# Finding The Constants a,b and c.

1. Jul 30, 2013

### Bashyboy

1. The problem statement, all variables and given/known data
In Exercises 49 and 50, find values of a, b, and c(if possible) such that the system of linear equations has (a) a unique solution, (b) no solution, and (c) an infinite number of solutions.

49.

$x+y ~ = 2$

$~y+z =2$

$x+ ~ z =2$

$ax + by + cz=0$

2. Relevant equations

3. The attempt at a solution

I immediately recognized this system as one consisting of planes. Hence, wouldn't it be impossible for there to exist a unique solution, as my geometric intuition of the situation ?

2. Jul 30, 2013

### hilbert2

What about case a=1, b=-1, c=0 ? Isn't there a unique solution?

3. Jul 30, 2013

### HallsofIvy

Staff Emeritus
No, it is quite possible for four planes to intersect in a single point. What makes you think otherwise?

(Boy, I have to learn to type faster!)

4. Jul 30, 2013

### Bashyboy

Well, I was considering the case of two planes. Would you agree that it is impossible for there to exist a unique solution, when considering two planes?

5. Jul 30, 2013

### HallsofIvy

Staff Emeritus
No, that's not enough. You need at least three planes. And 4 is larger than 3!

What you can do is solve the first three equations for the unique point of intersection, then see what a, b, and c must be in order that those values of x, y, and z satisfy the final equation.

6. Jul 30, 2013

### Bashyboy

HallsofIvy, I am confused, what do you mean by, "No, that's not enough. You need at least three planes. And 4 is larger than 3!" what are you alluding to?

7. Jul 31, 2013

### haruspex

That's right - with just two planes you must have no solutions, or a line of solutions, or a plane of solutions.
Considering just the first three planes you're given, how many solutions are there?

8. Aug 6, 2013

### Bashyboy

Haruspex, I took the first three equations and came up with this:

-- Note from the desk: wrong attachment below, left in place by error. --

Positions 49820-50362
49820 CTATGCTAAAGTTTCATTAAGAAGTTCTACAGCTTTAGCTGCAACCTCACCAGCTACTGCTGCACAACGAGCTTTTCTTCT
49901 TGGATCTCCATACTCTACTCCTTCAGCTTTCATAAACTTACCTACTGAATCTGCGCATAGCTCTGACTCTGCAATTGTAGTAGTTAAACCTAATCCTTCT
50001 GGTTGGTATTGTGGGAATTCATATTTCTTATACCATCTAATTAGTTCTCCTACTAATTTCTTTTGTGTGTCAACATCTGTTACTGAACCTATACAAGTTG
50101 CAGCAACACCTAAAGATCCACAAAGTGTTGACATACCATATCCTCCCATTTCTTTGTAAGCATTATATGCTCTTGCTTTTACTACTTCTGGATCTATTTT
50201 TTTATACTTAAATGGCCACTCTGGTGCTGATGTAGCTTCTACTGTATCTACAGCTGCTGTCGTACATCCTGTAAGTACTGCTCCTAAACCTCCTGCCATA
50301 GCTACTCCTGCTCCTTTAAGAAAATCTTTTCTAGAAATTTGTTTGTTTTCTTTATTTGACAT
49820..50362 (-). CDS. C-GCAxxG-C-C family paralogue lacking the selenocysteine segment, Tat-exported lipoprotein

(1) $x+y=2$

(2) $y+z=2$

(3) $x+z=2$

Rearranging (1), $y=2-x$, and substituting the result into (2): $(2-x) +z=2$, which becomes $z-x=0$; adding this equation to (3): $2z=0 \implies z=0$

If z=0, then y=2 and x = 0.

If the fourth equation was equal to two, rather than 0, then I could choose the constants such that it would be identical to one of the other planes.

9. Aug 6, 2013

### Bashyboy

Hold on, I think I figured it out. Let me type my response.

10. Aug 6, 2013

### Bashyboy

For the first three exists, there exists a unique solution, namely, (0,2,0). We need to retain this uniqueness, when dealing with the fourth equation, and to do so, (0,2,0) must satisfy the fourth equation, and we must choose constants that are conducive to this. a(0) + b(-2) + c(0) = 0. From this, it is clear that, a and c can be any real numbers, but b must be zero. Does this sound correct?

11. Aug 6, 2013

### D H

Staff Emeritus
Does this satisfy x+z=2? You might want to try again.

12. Aug 6, 2013

### haruspex

Retry those steps.

13. Aug 7, 2013

### Bashyboy

Oh, wait. There should have been a 2 on the right-hand side of the equation, meaning that z=1, y=1, and x=1.

14. Aug 7, 2013

### D H

Staff Emeritus
Much better.

15. Aug 7, 2013

### Bashyboy

For part (b), to make the system inconsistent, must I chose constants that will guarantee the equation a + b + c = 0 is false? I'm not sure how I will solve part (c), yet.

Last edited: Aug 7, 2013
16. Aug 7, 2013

### HallsofIvy

Staff Emeritus
Yes, start from the first three equations: Subtracting y+ z= 2 from x+ y= 2, the "y" terms cancel and we have x- z= 0. Adding that to x+ z= 2, the "z" terms cancel and we have 2x= 2 so that x= 1. Then x+ z= 1+ z= 2 so that z= 1 and x+y= 1+ y= 2 so y= 1. The solution to the first three equations is x= y= z= 1.

NOW look at "ax+ by+ cz= 1". With x= y= z= 1, that gives a+ b+ c= 1. As long as that is true, the four equations will have the unique solution x= y= z= 1. If it is not true, there will be no solution. Since x= y= z= 1 is the only solution to the first three equations, there is no way to have more than one solution.